The remaining dwarf planet candidates (except Eris, 2007 OR10 and Sedna which are further out from the Sun) are Kuniper Belt Objects with orbits around the sun of 200 years or more (aka Plutons), the largest of which is Pluto, which was first discovered in 1930 before any of the rest. A classical Kuniper Belt object that aren't quite large enough to be classified as dwarf planets are sometimes called a cubewano (after the type specimen 1992QB1) or, depending upon its orbit, a plutino.

In addition to Ceres, the four other officially recognized dwarf planets, also known as Plutons, are (in order of largest dimension of size):

*Pluto 2370 +/- 10 km diameter (as of July 2015).
*Eris (aka Xena) 2326 +/- 12 km diameter (Eris is more massive than Pluto)
*Haumea (aka 2003 EL61 aka Santa) 1920 x 1540 x 990 km.
*Makemake (aka 2005 FY9 aka Easter Bunny) 1434 x 1422 +/- 14 km.

Eris is the most distant from the sun of these, about 60% further out than Pluto.

Another dozen strong dwarf planet candidates in order of size include:

* Sedna 1830-2320 km
* 2007 OR10 1280 +/- 210 km (the largest unnamed object in the solar system)
* Quaoar 1110 +/- 5 km
* Orcus 917 +/- 25 km
* Salacia 854 +/- 45 km
* 2002 MS4 934 +/- 47 km (the second largest unnamed object in the solar system)
* 2002 AW197 626-850 km (best fit 734 km)
* 2003 AZ84 661-789 (best fit 727 km)
* Varda 630-786 km (best fit 705 km)
* Varuna 574-812 km (best fit 658 km)
* Ixion 430-910 km (best fit 650 km)
* Chaos 470-740 km (best fit 600 km)

Beyond these there are probably about a dozen additional solar system bodies without names that are serious dwarf planet candidates.

Eris is the most distant dwarf planet or dwarf planet candidate from the Sun other than Sedna.  All of these except Orcus and Sedna are between Pluto and Eris in the Kuniper Belt, in their average distance from the Sun. Orcus is only about 1% closer to the Sun than Pluto.  Almost all of the potential dwarf planets are no further from the Sun than Eris.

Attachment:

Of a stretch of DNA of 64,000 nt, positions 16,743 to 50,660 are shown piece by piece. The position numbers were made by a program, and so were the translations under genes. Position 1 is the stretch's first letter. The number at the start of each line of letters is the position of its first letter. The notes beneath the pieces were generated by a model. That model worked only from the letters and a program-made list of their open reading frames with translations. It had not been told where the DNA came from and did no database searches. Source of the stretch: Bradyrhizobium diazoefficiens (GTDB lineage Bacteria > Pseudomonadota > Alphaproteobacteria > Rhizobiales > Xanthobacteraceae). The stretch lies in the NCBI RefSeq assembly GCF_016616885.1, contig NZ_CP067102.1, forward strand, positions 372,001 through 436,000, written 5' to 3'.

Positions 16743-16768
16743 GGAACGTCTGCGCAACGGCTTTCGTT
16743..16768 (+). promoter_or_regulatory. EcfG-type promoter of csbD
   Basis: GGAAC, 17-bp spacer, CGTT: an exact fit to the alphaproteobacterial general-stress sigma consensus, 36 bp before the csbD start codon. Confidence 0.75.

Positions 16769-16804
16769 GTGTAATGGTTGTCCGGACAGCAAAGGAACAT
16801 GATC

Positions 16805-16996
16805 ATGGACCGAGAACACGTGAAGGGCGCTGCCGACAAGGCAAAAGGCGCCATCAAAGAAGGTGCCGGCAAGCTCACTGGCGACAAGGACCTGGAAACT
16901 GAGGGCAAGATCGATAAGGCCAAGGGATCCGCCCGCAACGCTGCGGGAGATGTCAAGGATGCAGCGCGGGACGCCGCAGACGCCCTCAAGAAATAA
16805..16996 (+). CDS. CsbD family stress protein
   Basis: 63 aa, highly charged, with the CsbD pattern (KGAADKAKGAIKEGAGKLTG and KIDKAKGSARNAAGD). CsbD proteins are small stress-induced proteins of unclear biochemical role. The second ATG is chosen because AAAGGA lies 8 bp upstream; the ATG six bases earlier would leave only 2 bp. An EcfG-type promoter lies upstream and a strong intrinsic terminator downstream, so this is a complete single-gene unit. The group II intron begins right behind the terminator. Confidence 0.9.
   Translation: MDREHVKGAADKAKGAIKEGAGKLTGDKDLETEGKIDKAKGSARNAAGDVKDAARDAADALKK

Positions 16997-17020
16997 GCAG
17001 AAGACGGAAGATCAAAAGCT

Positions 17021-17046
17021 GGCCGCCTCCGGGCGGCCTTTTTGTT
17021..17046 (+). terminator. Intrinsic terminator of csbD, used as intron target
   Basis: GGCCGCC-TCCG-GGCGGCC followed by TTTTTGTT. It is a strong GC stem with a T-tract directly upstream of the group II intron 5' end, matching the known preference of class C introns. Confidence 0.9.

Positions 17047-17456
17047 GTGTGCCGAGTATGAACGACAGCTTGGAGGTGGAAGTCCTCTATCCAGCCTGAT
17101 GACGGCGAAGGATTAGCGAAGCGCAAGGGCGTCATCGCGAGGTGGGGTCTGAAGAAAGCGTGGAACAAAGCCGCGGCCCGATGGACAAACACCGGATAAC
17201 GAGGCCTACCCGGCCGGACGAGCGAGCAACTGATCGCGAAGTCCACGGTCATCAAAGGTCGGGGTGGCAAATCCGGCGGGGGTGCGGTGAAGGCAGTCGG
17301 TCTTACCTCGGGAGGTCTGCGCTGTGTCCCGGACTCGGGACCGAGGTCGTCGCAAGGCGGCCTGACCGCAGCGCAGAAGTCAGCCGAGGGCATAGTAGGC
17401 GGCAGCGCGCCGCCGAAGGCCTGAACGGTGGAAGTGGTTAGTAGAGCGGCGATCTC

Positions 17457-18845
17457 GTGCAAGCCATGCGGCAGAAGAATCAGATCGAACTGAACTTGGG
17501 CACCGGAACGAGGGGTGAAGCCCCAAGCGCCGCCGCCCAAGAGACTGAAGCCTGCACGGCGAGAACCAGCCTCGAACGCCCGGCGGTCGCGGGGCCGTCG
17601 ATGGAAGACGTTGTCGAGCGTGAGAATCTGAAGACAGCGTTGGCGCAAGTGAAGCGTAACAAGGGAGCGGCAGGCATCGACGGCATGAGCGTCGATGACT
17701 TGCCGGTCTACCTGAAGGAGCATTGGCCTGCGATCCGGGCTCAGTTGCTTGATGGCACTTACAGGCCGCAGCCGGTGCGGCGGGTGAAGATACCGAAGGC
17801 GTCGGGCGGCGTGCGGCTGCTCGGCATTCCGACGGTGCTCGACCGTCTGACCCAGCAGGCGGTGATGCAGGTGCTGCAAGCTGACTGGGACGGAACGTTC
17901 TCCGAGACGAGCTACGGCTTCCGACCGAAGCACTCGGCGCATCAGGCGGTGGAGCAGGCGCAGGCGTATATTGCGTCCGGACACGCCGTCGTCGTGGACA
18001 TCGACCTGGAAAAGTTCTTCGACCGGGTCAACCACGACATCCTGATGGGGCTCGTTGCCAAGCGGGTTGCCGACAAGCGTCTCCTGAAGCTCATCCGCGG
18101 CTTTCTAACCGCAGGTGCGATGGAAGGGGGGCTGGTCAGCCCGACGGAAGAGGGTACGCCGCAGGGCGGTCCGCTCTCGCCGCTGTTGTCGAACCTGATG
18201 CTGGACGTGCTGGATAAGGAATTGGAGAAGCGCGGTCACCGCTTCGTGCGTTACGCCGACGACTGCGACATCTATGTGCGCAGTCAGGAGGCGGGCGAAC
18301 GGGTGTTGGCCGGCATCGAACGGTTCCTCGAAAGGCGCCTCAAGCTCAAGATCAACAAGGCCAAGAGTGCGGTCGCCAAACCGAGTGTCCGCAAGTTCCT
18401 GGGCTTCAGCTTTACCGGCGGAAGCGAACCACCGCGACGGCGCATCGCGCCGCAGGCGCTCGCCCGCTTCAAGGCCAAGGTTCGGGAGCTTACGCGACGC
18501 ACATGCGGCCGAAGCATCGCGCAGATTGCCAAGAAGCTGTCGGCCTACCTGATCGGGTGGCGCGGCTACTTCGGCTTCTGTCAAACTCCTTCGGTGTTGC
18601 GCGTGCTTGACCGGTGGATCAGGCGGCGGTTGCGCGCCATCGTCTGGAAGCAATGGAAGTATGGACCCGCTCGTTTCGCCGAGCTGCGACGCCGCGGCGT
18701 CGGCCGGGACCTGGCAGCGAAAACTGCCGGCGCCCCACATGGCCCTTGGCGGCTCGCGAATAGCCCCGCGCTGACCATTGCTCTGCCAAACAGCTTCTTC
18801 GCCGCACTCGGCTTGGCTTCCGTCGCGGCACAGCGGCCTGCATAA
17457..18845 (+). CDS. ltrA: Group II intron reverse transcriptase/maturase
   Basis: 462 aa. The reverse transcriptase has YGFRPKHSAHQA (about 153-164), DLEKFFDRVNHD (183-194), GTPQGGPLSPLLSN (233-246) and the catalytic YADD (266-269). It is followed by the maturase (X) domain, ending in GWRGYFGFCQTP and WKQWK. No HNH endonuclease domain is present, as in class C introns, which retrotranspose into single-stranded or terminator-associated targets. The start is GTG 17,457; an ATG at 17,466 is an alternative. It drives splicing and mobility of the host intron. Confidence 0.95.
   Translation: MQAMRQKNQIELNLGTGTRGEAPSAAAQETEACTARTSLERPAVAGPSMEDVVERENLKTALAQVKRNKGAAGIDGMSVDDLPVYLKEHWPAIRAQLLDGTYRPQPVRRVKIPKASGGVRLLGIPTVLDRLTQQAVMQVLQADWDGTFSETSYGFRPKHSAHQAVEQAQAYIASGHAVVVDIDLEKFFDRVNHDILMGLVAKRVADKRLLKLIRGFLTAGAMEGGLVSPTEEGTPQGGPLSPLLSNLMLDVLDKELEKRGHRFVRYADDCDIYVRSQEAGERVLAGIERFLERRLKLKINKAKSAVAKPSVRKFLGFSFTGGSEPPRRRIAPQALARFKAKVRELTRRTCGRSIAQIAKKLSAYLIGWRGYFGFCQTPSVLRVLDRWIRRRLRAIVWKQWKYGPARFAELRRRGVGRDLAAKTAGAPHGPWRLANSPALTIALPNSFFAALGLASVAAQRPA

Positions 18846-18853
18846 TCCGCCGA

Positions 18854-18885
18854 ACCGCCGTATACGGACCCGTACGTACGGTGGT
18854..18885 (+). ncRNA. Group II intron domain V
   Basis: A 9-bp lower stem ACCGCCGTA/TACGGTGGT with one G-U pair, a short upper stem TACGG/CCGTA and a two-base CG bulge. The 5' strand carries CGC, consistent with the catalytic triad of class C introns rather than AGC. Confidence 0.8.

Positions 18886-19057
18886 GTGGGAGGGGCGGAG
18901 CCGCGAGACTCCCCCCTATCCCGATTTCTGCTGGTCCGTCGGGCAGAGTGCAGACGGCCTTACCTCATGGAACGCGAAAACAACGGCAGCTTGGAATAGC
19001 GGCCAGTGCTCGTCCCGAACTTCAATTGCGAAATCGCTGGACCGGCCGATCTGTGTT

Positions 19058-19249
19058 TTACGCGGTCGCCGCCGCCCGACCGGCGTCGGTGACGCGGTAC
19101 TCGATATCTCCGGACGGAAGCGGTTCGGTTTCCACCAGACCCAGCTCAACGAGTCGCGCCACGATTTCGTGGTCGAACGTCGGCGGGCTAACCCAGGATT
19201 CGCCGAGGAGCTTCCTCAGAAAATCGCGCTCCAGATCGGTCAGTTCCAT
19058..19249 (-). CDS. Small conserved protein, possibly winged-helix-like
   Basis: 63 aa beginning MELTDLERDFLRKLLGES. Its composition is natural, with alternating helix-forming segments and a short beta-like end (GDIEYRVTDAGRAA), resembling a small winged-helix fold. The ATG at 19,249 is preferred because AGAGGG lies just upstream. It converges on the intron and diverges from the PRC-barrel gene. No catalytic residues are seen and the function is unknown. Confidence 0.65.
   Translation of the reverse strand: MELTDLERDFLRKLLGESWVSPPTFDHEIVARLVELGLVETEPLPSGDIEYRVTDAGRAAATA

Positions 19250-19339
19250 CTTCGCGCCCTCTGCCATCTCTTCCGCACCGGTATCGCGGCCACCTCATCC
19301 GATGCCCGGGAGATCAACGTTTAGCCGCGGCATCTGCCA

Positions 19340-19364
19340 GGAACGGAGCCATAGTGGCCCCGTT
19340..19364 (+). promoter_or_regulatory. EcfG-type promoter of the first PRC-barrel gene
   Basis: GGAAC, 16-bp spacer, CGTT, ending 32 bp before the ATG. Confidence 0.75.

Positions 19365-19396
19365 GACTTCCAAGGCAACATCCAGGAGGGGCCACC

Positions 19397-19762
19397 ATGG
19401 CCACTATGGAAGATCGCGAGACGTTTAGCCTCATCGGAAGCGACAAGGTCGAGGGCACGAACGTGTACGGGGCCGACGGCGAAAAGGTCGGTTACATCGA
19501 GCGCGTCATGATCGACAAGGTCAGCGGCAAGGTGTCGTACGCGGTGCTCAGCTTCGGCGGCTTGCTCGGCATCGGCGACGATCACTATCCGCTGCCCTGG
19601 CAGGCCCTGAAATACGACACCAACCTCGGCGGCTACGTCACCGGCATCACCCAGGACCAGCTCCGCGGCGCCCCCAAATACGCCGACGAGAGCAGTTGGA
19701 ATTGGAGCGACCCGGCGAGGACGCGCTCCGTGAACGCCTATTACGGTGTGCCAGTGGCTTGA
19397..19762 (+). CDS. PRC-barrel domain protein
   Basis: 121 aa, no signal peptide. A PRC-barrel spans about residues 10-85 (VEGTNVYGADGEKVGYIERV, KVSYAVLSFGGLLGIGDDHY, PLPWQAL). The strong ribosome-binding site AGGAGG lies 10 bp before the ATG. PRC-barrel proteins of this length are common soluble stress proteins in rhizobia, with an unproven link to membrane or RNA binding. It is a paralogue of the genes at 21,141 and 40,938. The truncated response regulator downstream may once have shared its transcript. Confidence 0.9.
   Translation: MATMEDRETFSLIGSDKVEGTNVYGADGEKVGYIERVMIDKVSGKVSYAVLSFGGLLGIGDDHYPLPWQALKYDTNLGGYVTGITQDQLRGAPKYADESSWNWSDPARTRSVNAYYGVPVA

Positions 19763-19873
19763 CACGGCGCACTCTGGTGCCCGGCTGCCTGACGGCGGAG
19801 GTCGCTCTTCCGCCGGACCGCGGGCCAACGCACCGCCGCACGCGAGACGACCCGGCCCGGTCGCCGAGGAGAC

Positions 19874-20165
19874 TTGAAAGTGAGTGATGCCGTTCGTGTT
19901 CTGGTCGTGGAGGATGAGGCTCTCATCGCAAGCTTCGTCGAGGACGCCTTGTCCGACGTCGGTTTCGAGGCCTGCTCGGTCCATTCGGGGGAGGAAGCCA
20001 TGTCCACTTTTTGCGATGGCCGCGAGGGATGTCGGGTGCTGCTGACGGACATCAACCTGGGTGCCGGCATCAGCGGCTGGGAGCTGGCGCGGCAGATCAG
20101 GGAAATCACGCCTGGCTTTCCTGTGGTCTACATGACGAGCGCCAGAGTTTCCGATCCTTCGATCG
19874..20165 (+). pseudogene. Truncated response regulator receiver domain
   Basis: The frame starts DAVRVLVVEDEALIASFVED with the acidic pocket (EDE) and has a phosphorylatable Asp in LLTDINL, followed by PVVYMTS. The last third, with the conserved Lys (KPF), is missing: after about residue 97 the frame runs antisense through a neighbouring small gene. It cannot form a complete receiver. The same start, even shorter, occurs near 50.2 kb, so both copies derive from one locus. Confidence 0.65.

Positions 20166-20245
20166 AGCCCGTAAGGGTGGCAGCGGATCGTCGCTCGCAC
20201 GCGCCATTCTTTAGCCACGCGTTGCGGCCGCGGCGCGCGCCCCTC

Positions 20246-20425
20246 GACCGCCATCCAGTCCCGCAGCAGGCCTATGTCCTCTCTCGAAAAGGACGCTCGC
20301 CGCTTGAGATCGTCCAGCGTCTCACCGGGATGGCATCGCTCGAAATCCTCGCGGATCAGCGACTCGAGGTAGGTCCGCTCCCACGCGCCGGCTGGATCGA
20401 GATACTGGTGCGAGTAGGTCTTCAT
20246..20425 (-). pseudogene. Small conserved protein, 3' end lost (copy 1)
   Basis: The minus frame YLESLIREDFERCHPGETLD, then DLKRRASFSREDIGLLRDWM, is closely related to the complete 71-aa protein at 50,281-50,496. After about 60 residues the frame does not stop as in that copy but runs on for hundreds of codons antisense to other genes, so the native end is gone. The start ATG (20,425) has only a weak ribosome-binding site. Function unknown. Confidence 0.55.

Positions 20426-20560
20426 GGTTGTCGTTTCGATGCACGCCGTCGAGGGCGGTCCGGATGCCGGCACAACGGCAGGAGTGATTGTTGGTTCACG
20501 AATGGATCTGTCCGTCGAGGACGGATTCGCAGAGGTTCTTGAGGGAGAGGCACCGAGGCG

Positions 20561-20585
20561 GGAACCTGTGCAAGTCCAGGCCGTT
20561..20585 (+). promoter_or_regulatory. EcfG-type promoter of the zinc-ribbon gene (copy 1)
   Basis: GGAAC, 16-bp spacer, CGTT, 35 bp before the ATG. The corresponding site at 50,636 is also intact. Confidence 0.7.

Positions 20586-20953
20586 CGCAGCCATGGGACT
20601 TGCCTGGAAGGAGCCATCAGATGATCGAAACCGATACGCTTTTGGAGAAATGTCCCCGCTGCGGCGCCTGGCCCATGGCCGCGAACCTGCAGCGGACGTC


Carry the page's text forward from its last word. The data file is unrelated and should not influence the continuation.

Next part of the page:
Sedna is the largest body not yet officially recognized as a dwarf planet, and is also about seven and a half times as far from the Sun as Eris.

Other than Sedna, there are only four known objects significantly further out than Eris in the solar system, and only one is further out than Sedna.  The sizes and shapes of these four objects aren't known with great certainty. Current estimates putting them on the borderline of qualification as dwarf planets.

Pluto was discovered in 1930 and its moon, Charon, was discovered in 1978.

A host of new dwarf planets have been discovered in the solar system in the last fifteen years. Varuna was discovered in 2000, Ixion was discovered in 2001, Quaoar was discovered in 2002 (its moon, Weywot was discovered in 2007) as were 2002 MS4 and 2002 AW197, Sedna and 2003 AZ84 were discovered in 2003, Salacia, Orcus and Haumea were discovered in 2004, and Eris and Makemake were discovered in 2005. 2007 OR10, unsurprisingly, was discovered in 2007.

Many of the 21st century discoveries were made by Mike Brown whose blog is in the sidebar. Another leading astronomer in this field is Gonzalo Tancredi.

The discovery of these new Plutons or near Plutons in 2000-2005 is what prompted the reclassification of Pluto from classical planet status to a dwarf planet and Pluton.  It is estimated that there may be as many as a couple dozen Plutons in the solar system, some as large as or even a bit larger than Pluto, most of which have not yet been discovered.

Satellite Planets

Charon 1207 +/- 3 km diameter as of July 2015 is part of the same system of Pluto. Since Pluto is larger than Charon, Charon is currently officially classified by the IAU as a moon of Pluto under the existing definition, which disqualifies it from planet status. There are also four other moons in the Pluto-Charon system: Styx, Nix, Kerberos, and Hydra.

The IAU has proposed to classify Pluto and Charon as a double planet (with both Pluto and Charon having dwarf planet status) because the center of their rotation around each other is not within either planet. This would make it the only double planet system in the solar system. But, one analogy that discourages IAU members from adopting the double planet definition, is that the same definition would conclude that Jupiter is not a satellite of the Sun, but is instead as "double" object with it, since their center of gravity is no within either body due to Jupiter's great distance from the Sun.

Charon is not the only big planet-like moon in the solar system, sometimes called satellite planets:
Nineteen moons are known to be massive enough to have relaxed into a rounded shape under their own gravity, and seven of them are more massive than either Eris or Pluto. They are not physically distinct from the dwarf planets, but are not dwarf planets because they do not directly orbit the Sun. 
The seven that are more massive than Eris are the Moon, the four Galilean moons of Jupiter (Io, Europa, Ganymede, and Callisto), one moon of Saturn (Titan), and one moon of Neptune (Triton).